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Dutchess_III's avatar

Do you ever wonder how in the world the people who lived on the cliffs of the Mesa Verde kept their kids alive?

Asked by Dutchess_III (36138points) July 25th, 2014

We visited there as a kid. I remember looking over the cliff thinking “What a long way down if you fell.”

I think about toddlers and such, and how fast they are. Do you think they lost a lot of kids off that cliff?

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10 Answers

Response moderated (Off-Topic)
ibstubro's avatar

I wondered about that at Gila. Even adults. Perhaps they tethered the small children, or maybe there was some sort of barrier made from vegetation at the time they lived there. I imagine there had to have been some form of reminder that one more step, and you’re a splat.

rojo's avatar

I think if you kept them alive through the crawling stage then growing up in that particular environment and dealing with it on a daily basis would give a child a familiarity and ease that would make it just another part of living. I am sure they lost a few every once in a while however.

whitenoise's avatar

The link in your question doesnt work. :-)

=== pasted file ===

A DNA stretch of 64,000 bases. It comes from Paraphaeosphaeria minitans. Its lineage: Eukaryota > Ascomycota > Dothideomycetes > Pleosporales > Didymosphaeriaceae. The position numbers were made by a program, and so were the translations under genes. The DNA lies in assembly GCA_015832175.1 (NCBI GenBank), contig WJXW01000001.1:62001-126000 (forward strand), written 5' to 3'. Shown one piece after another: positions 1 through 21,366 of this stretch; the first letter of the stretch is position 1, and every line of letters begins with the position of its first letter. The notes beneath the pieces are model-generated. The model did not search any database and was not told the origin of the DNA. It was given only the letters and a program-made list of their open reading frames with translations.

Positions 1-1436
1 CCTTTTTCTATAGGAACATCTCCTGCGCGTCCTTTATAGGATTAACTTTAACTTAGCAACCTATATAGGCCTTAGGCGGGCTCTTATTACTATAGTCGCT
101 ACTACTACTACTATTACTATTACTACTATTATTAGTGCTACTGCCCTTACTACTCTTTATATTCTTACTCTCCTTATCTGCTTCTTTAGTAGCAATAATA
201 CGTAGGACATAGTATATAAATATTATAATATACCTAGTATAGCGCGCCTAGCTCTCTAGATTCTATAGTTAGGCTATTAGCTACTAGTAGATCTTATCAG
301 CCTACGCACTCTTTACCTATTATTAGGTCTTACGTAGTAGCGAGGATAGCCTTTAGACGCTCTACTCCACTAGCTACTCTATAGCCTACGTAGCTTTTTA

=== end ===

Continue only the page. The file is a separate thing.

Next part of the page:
Aethelwine's avatar

I wonder now. I also wonder how children survive in homes built on stilts on the hills in California. who would want to live in a house like this? I would be constantly worrying.

Here’s a pic of me and my dad at Mesa Verde in 1975.

zenvelo's avatar

@jonsblond Awww, what a cutie.

Really, you grow up in the environment around you. Sure, it’s not completely safe, but most kids survive. I grew up around “houses on stilts” as @jonsblond mentions and never heard of anyone falling.

whitenoise's avatar

You do look cute in that photo.

Your father sure seems to be proud of you. Like you show your pride of your children so often.


Dutchess_III's avatar

@whitenoise Just use @jonsblond‘s link. It’s a better one, anyway.

They had to have done SOMETHING. The early toddler stages are worse than the crawling stage. They’re a lot faster!

Aethelwine's avatar

Aw, thanks guys. My Dad is a wonderful man.

ibstubro's avatar

Cool the way he seems to be presenting TWO natural wonders, @jonsblond. :)

I think I addressed your question above, @Dutchess_III. Woven mats would have kept the worst of the weather and critters out, the people in. Since there were likely ladders, the top rung could have been designed to be a barrier. Rough gravel 3 foot in from the drop-off would stop a lot of foolishness.

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